Brian Hartwell has been the district superintendent for Cayuga-Onondaga BOCES for nearly six months. He had most recently been the superintendent of the Pulaski Academy & Central School District and had previously been the principal of Oswego High School. The top BOCES seat had seen a lot of change in recent years, as the previous leader Denise Dzikowski abruptly left in March 2017 after less than a year in the position. Later that month, Chris Todd, the district superintendent for the BOCES in Oswego County, became the Cayuga-Onondaga BOCES head, a position he held through May of last year.
Speaking with The Citizen recently at his office at the BOCES building, Hartwell said he had enjoyed working on different programs and initiatives with the Oswego County BOCES so much that he wanted to do more of that kind of work.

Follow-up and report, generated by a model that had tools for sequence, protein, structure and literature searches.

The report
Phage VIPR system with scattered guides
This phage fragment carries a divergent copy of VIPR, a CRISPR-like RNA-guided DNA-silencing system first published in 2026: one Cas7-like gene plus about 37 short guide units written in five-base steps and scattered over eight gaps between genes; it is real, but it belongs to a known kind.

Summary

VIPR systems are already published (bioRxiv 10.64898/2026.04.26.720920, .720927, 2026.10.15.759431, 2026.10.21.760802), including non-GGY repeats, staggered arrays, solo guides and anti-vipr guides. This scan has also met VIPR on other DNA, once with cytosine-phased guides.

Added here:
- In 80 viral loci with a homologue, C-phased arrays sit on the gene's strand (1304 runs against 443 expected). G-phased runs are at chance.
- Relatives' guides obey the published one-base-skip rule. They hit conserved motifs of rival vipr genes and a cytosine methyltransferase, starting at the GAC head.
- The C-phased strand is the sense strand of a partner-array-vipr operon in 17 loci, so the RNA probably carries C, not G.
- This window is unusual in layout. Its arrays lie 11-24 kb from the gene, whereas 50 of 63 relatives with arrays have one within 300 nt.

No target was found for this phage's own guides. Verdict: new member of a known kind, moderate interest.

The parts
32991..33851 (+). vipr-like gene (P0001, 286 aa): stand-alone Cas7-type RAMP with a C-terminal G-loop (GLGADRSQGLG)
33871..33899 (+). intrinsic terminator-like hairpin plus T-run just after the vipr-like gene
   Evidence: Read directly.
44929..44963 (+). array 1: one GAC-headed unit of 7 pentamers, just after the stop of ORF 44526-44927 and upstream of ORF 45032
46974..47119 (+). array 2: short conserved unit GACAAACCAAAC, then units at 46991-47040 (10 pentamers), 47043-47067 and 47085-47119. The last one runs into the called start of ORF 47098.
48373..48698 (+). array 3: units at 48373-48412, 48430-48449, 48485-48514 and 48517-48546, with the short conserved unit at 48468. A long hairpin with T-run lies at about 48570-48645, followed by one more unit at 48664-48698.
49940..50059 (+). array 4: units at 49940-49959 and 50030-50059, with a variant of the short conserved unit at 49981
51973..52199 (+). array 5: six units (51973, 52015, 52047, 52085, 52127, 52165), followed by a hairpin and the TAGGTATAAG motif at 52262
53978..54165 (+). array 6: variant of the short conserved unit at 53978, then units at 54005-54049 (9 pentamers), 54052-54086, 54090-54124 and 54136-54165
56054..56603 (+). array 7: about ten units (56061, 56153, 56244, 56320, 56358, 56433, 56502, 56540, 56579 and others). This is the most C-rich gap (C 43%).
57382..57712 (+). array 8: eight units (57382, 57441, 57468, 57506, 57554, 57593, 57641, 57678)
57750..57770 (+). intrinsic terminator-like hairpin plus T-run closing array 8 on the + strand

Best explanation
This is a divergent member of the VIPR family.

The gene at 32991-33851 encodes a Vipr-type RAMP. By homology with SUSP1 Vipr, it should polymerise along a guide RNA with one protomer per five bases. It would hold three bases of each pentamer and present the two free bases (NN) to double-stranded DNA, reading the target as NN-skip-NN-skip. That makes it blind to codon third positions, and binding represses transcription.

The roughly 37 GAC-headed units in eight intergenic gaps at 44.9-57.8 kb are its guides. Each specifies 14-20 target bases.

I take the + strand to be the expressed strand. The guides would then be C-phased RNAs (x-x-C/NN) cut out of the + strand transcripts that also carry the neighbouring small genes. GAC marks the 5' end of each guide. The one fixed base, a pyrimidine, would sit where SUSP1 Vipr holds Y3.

The Citizen: What were some of your goals for BOCES, some of the things you wanted to implement when you got here?
Hartwell: That's a tough question, because it can't really be what I want to implement, it's what nine superintendents and I work together to create. So when people talk about, "What's your vision?" I always say it's really to collaborate both regionally and at the state levels to provide world-class learning opportunities and experiences and service for all children in the Cayuga-Onondaga BOCES service area.
The Citizen: I imagine every component district has different needs. What were some of the things that you had gotten the impression that the component districts wanted from Cayuga-Onondaga BOCES? What were some of your big takeaways?